Activity in the euro area private sector picks up unexpectedly

Meaningful rebound still out of sight as sluggishness dampens optimism

Germany, the euro region’s largest economy, faces the risk of falling into a recession should output contract again in the three months through September. Photograph: iStock

Germany, the euro region’s largest economy, faces the risk of falling into a recession should output contract again in the three months through September. Photograph: iStock

 

Activity in the euro area’s private sector unexpectedly picked up, though a meaningful rebound remains out of sight.

IHS Markit’s composite Purchasing Managers’ Index rose to 51.8 in August, indicating a slightly stronger expansion than in July. While manufacturing returned to growth in France, the outlook for Germany remained bleak, with orders falling the most in more than six years.

The euro area’s persistent sluggishness is damping optimism, and companies are preparing for the slump to last, according to the report. Industry in particular has faced a number of headwinds in the past year, including mounting global trade tensions and slowing demand from China.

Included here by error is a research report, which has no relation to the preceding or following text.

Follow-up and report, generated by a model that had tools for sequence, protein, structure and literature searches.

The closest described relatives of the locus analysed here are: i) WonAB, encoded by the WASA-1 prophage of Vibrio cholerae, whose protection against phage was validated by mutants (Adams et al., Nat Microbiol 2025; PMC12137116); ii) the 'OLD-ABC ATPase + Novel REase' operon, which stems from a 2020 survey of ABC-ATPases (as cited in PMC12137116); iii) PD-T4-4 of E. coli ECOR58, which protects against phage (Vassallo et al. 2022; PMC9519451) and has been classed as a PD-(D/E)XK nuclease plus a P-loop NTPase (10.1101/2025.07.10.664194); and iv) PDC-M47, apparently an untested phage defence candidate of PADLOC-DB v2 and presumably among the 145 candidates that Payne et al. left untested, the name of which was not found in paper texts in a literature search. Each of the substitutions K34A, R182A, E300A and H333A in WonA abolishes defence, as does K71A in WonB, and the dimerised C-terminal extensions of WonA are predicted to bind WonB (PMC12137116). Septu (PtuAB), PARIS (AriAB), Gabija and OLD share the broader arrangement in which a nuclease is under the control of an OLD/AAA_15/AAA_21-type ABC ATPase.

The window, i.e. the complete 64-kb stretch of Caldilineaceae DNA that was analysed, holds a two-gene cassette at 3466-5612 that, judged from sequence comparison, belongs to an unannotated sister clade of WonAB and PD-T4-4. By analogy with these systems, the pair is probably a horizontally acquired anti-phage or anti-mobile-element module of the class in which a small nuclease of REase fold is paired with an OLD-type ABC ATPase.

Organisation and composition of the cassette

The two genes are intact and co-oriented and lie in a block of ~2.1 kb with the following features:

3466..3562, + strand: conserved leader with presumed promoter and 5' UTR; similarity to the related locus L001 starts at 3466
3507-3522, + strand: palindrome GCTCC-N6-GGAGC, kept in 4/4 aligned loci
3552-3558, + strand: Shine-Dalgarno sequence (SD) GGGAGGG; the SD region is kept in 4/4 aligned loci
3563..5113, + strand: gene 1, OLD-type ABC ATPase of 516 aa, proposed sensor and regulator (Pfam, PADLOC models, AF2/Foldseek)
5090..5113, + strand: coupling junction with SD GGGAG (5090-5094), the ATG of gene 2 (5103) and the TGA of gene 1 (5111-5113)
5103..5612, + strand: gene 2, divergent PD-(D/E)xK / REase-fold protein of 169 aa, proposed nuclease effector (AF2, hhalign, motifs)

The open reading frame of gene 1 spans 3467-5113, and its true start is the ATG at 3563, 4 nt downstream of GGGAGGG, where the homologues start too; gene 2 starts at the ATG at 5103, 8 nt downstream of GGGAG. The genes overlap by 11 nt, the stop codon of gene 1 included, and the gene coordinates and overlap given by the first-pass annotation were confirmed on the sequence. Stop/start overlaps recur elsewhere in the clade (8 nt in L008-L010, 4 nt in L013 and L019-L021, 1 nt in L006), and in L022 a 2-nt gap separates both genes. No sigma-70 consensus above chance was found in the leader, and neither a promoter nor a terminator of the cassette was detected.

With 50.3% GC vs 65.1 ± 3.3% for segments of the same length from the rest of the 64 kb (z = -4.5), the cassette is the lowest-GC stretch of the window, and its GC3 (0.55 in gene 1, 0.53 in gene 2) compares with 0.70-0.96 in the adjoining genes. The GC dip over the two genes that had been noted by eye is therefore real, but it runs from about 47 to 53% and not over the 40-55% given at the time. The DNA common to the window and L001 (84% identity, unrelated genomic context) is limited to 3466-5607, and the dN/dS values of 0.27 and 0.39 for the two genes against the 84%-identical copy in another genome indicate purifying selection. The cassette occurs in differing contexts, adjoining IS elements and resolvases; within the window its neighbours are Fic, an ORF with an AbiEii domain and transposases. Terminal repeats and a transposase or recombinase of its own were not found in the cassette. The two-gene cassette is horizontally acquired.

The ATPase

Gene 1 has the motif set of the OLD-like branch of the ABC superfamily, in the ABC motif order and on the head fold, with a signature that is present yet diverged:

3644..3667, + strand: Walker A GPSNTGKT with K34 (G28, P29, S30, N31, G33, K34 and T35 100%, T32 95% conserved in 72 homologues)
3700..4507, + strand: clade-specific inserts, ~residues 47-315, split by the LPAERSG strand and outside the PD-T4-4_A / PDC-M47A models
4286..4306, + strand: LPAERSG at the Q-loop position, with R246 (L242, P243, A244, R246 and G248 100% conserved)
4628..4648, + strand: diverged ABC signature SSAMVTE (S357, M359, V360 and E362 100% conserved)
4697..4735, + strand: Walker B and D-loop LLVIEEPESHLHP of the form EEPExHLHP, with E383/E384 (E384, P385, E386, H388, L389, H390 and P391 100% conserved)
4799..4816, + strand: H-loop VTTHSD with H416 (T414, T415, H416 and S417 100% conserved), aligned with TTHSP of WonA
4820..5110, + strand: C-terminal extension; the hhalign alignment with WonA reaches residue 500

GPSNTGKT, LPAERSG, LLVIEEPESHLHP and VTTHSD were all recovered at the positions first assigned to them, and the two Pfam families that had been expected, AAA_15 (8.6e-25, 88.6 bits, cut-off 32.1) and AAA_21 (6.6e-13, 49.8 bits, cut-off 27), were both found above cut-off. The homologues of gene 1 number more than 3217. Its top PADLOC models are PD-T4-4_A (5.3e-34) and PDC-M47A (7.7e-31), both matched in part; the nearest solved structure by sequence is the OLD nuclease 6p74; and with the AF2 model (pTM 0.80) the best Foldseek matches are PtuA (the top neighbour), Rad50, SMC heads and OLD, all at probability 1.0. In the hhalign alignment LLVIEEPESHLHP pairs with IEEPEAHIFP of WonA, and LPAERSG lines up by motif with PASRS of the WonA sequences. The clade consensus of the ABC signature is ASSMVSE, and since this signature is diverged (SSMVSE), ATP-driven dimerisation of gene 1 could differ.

“The lack of a quick rebound from the recent economic slowdown has impacted firms’ confidence, with sentiment the lowest in over six years,” said Chris Williamson, an economist at IHS Markit. “It appears that companies are braced for a sustained period of weakness, and as a result are showing greater reluctance to take on additional staff.”

After the 19-nation economy expanded 0.2 per cent in the second quarter, growth could slow further in the current period, according to the report.

Germany, the region’s largest economy, faces the risk of falling into a recession should output contract again in the three months through September.

European Central Bank policymakers are three weeks away from their next meeting, and are widely expected to respond to the bleak economic prospects with a first interest-rate cut in more than three years. – Bloomberg